The Canadian Association of Refugee lawyers (CARL) is pleased to invite you to participate in our upcoming conference on Friday, April 5, 2013. The conference will be held simultaneously by video in locations from Coast to Coast. Speakers and participants in the various locations will be able to interact. Refugee, constitutional and human rights practitioners face myriad challenges in the days to come. The conference will provide strategies for upholding principles of fairness and protection to those in need.


After EI changes anger many, Conservative government sweetens benefits for parents (National Post)
The federal government, which has come under fire over tougher employment insurance rules, is sweetening benefits for parents. It says it will allow individuals receiving parental benefits through EI to qualify for sickness benefits as well, starting March 24. Human Resources Minister Diane Finley says about 6,000 people may be able to access the expanded benefit. People receiving parental benefits aren’t currently able to access EI sickness benefits because they’re not considered to be otherwise available for work.

CCPA releases Alternative Federal Budget 2013 (CCPA)
Today, the CCPA releases the Alternative Federal Budget 2013: Doing Better Together. This year’s AFB shows how growth-killing austerity can be replaced by a plan that strengthens the economy, leads to a better quality of life for all Canadians, and eliminates the deficit by 2016.


Best Employers for New Canadians (Canada’s Top 100 Employers)
This year’s winners were announced in a special editorial feature published March 12, 2013 in The Globe and Mail.

More employers adopt good immigrant employment practices (Bonnie May, Maytree)
On March 12, the annual Best Employers for New Canadians competition announced this year’s list of winners. These employers recognize the benefits that skilled immigrant employees bring to their businesses, for example, by boosting innovation and providing connections to diverse global and domestic markets. It’s great to see some new employers on this list. Businesses such as Assiniboine Credit Union, Home Depot Canada, National Bank Financial Group, Pythian Group and Shaw Communications, and institutions such as Dalhousie University and Health Canada are making their first appearances. These leading employers are in good – and growing – company.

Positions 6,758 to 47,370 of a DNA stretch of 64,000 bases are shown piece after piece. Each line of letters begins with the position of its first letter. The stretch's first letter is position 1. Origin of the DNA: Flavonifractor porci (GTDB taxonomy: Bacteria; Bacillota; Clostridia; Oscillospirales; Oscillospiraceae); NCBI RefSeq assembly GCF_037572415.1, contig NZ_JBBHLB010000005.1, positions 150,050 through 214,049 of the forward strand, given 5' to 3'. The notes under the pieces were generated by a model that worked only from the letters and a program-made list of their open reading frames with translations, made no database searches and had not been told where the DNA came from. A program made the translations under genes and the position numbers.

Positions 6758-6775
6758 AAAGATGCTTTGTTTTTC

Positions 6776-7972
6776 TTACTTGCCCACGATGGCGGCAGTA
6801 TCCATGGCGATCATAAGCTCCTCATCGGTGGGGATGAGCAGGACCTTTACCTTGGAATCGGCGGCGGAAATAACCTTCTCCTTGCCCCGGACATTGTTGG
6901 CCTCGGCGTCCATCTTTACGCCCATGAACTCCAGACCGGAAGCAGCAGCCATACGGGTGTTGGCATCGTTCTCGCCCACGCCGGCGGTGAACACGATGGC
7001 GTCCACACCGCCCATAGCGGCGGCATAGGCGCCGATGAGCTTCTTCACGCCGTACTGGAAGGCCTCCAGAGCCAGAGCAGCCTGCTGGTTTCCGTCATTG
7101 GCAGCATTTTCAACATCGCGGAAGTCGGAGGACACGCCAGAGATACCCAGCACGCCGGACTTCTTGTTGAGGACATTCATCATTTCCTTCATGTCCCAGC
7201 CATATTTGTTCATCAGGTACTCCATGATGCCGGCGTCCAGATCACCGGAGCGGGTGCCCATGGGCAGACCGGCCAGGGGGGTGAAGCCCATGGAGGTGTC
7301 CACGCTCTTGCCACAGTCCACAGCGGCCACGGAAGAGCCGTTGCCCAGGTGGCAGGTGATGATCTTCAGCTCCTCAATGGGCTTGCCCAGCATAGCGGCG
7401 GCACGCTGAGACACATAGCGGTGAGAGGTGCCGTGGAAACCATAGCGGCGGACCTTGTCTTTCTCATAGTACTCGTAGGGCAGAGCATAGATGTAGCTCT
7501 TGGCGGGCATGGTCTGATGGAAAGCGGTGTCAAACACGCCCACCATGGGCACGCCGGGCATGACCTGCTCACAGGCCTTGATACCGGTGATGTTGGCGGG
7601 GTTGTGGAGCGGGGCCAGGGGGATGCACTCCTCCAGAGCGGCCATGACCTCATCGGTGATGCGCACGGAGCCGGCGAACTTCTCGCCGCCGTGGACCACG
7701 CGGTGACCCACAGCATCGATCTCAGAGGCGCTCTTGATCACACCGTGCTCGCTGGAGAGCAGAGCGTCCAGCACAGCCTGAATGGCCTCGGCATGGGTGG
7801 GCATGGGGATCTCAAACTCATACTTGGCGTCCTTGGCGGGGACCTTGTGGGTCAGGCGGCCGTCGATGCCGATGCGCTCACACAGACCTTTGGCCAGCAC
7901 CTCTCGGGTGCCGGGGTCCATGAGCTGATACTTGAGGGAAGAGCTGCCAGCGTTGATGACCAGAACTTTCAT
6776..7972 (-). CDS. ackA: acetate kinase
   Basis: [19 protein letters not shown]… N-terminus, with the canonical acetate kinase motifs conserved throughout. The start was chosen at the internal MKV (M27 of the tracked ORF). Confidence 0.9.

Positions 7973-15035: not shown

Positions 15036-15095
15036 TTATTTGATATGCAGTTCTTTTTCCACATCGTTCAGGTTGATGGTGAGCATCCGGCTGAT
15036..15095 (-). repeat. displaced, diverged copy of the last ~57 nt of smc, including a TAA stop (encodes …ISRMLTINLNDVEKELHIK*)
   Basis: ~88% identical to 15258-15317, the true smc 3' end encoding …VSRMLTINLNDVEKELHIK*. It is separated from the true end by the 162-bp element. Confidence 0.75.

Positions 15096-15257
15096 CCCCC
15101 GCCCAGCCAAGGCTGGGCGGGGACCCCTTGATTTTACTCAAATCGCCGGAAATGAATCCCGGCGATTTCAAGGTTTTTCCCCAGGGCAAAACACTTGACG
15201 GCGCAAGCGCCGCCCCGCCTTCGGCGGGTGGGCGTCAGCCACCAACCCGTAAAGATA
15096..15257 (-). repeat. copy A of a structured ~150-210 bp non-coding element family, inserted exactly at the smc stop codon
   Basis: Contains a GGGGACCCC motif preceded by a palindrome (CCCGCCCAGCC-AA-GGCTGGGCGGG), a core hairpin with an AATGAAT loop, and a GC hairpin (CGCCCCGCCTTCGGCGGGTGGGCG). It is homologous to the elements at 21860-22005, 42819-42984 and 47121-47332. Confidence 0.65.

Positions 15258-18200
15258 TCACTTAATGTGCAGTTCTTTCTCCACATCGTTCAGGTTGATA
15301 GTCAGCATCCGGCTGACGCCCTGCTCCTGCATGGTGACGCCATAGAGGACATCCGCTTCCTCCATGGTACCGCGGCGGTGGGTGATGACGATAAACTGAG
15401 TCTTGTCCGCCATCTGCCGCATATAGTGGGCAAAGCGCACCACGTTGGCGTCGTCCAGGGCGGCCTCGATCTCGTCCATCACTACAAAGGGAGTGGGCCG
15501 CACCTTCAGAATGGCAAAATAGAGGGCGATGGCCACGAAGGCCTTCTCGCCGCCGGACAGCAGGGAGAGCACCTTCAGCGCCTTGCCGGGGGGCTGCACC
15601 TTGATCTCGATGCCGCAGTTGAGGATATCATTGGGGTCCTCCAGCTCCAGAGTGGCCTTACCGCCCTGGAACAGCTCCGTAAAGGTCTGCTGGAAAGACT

For third consecutive year Loblaw earns distinction as one of the Best Employers for New Canadians (Digital Journal)
For the third consecutive year Loblaw Companies Limited (Loblaw) has been named one of the Best Employers for New Canadians by Mediacorp Canada Inc. The award commends Loblaw for its efforts in creating a workplace that is inclusive and respectful of ethnic diversity. This recognition reflects positively the Company’s commitment to Reflect our Nation’s Diversity, one of five Corporate Social Responsibility principles that shape the way Loblaw does business.

UFCW makes its voice heard in roundtable on Temporary Foreign Worker Program (Migrants Canada)
UFCW Canada recently participated in an “invitation-only” roundtable regarding the federal government’s Temporary Foreign Worker Program (TFWP). The meeting was held in Ottawa and was chaired by Jason Kenney, Minister of Citizenship, Immigration and Multiculturalism, and Diane Finley, Minister of Human Resources and Skills Development. The federal government is conducting ongoing consultations that it says are aimed at improving the TFWP following complaints that employers are using the program to exploit migrant workers who lack sufficient employment protections, benefits, and compensation.


Newsstand: March 12, 2013 (Terri Coles, Torontoist)
Which day of the week feels longer, Tuesday or Thursday? Our vote’s on the former. In the news: A report for the city counters claims made my anti-poverty activists; one Richmond Hill teacher rejects her union’s call to boycott extracurriculars; citizens have new powers to arrest ne’er-do-wells; and potential whistleblowers at York kept mum.

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Communications in social services/social change, immigration, diversity & inclusion in Toronto. Wannabe librarian, interested in nonprofit tech innovation.

Communications in social services/social change, immigration, diversity & inclusion in Toronto. Wannabe librarian, interested in nonprofit tech innovation.